Borobudur ancient lake

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The ancient lake existed on the lower plains around Borobudur.

Borobudur ancient lake is an ancient lake that has been suggested once existed surrounding Borobudur Buddhist monument in Kedu Plain, Central Java, Indonesia. Today the lake had dried-out and formed plains mostly filled with paddy fields, orchards and villages.

Unlike other temples, which were built on a flat surface, Borobudur was built on a bedrock hill, 265 m (869 ft) above sea level and 15 m (49 ft) above the floor of the dried-out paleolake.[1] The lake's existence was the subject of intense discussion among archaeologists in the 20th century; Borobudur was thought to have been built on a lake shore or even surrounded by a lake. In 1931, a Dutch artist and scholar of Hindu and Buddhist architecture, W.O.J. Nieuwenkamp, developed a theory that Kedu Plain was once a lake and Borobudur initially represented a lotus flower floating on the lake.[2] Lotus flowers are found in almost every Buddhist work of art, often serving as a throne for buddhas and base for stupas. The architecture of Borobudur itself suggests a lotus depiction, in which Buddha postures in Borobudur symbolize the Lotus Sutra, mostly found in many Mahayana Buddhism (a school of Buddhism widely spread in the east Asia region) texts. Three circular platforms on the top are also thought to represent a lotus petals.[1] Nieuwenkamp's theory, however, was contested by many archaeologists[who?] because the natural environment surrounding the monument is a dry land.

Geologists, on the other hand, support Nieuwenkamp's view, pointing out clay sediments found near the site.[3] A study of stratigraphy, sediment and pollen samples conducted in 2000 supports the existence of a paleolake environment near Borobudur,[1] which tends to confirm Nieuwenkamp's theory. The lake area fluctuated with time and the study also proves that Borobudur was near the lake shore c. 13th and 14th centuries. River flows and volcanic activities shape the surrounding landscape, including the lake. One of the most active volcanoes in Indonesia, Mount Merapi, is in the direct vicinity of Borobudur and has been very active since the Pleistocene.[4]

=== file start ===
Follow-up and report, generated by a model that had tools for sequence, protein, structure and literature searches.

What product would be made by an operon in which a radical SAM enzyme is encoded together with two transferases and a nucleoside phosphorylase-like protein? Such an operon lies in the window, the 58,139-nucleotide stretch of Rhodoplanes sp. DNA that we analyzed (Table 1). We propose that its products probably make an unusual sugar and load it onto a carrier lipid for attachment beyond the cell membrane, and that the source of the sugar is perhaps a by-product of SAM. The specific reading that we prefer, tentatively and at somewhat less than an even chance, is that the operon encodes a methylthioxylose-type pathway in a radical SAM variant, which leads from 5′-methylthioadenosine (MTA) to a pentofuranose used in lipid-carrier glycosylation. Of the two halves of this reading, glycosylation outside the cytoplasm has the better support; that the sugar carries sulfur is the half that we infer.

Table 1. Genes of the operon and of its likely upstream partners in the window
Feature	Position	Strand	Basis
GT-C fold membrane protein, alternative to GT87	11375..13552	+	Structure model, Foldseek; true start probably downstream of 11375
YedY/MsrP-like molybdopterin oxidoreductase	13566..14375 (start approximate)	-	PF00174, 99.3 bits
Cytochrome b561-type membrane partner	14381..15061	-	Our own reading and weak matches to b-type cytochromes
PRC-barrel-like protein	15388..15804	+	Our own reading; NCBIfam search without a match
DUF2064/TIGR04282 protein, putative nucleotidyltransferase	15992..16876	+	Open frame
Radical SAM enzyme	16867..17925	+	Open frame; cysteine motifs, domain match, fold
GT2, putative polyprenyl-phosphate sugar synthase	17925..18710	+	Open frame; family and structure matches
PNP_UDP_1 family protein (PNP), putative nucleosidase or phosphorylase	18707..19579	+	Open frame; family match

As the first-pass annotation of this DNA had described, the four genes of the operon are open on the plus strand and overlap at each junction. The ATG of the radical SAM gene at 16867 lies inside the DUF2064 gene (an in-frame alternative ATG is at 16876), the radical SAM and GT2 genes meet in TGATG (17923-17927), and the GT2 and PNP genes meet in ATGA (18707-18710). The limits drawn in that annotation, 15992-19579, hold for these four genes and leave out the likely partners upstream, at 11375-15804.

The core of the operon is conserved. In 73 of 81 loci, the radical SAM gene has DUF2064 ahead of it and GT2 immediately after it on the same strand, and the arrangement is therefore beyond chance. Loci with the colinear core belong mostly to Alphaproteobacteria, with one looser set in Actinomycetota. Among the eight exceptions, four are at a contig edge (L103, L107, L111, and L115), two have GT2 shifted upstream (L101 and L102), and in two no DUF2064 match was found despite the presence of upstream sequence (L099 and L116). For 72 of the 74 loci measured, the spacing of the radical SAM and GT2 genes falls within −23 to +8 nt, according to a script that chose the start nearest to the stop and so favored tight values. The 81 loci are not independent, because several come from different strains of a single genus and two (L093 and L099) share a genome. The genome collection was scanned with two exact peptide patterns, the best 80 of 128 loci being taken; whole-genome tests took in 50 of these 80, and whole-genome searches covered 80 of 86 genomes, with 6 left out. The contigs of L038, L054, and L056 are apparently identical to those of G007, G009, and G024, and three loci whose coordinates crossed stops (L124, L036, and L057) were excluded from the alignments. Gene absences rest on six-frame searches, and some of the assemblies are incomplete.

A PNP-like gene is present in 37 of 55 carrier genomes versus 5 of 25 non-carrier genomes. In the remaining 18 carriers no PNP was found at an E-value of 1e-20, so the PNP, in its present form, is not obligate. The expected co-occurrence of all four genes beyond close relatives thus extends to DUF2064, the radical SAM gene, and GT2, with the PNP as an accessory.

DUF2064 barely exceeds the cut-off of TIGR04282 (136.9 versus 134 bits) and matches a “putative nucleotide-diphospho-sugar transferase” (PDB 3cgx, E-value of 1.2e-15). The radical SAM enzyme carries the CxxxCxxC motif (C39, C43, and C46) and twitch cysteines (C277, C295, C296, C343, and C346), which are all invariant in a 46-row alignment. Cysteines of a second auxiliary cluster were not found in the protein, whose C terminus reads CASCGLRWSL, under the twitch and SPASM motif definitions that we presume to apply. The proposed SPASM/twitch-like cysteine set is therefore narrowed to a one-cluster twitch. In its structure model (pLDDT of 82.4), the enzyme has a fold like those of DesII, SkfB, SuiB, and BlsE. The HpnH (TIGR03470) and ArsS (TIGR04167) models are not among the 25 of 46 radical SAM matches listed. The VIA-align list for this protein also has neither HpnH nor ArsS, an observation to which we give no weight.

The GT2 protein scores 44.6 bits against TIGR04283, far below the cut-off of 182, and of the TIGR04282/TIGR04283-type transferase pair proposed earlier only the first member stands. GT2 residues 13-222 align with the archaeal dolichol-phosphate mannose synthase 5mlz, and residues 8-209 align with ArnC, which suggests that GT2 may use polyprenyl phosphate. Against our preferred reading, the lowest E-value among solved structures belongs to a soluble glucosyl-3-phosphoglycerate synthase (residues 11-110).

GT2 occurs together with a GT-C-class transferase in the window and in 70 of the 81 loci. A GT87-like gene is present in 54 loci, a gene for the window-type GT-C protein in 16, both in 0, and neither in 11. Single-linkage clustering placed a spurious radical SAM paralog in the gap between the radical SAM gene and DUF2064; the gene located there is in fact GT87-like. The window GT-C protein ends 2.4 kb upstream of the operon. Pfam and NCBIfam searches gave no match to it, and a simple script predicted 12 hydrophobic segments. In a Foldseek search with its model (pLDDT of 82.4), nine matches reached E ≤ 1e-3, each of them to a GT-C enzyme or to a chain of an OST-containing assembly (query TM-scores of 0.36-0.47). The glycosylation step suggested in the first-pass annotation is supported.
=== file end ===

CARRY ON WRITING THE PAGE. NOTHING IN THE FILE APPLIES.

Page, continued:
Notes[edit]

  1. ^ a b c Murwanto, H.; Gunnell, Y; Suharsono, S.; Sutikno, S. and Lavigne, F (2004). "Borobudur monument (Java, Indonesia) stood by a natural lake: chronostratigraphic evidence and historical implications". The Holocene 14 (3): 459–463. doi:10.1191/0959683604hl721rr. 
  2. ^ J.G. de Casparis, "The Dual Nature of Barabudur", in Gómez and Woodward (1981), page 70 and 83.
  3. ^ R.W. van Bemmelen (1949). The geology of Indonesia, general geology of Indonesia and adjacent archipelago, vol 1A, The Hague, Government Printing Office, Martinus Nijhoff. cited in Murwanto (2004).
  4. ^ Newhall C.G., Bronto S., Alloway B., Banks N.G., Bahar I., del Marmol M.A., Hadisantono R.D., Holcomb R.T., McGeehin J., Miksic J.N., Rubin M., Sayudi S.D., Sukhyar R., Andreastuti S., Tilling R.I., Torley R., Trimble D., and Wirakusumah A.D. (2000). "10,000 Years of explosive eruptions of Merapi Volcano, Central Java: archaeological and modern implications". Journal of Volcanology and Geothermal Research 100 (1): 9–50. doi:10.1016/S0377-0273(00)00132-3. 

Coordinates: 7°36′25″S 110°12′07″E / 7.607°S 110.202°E / -7.607; 110.202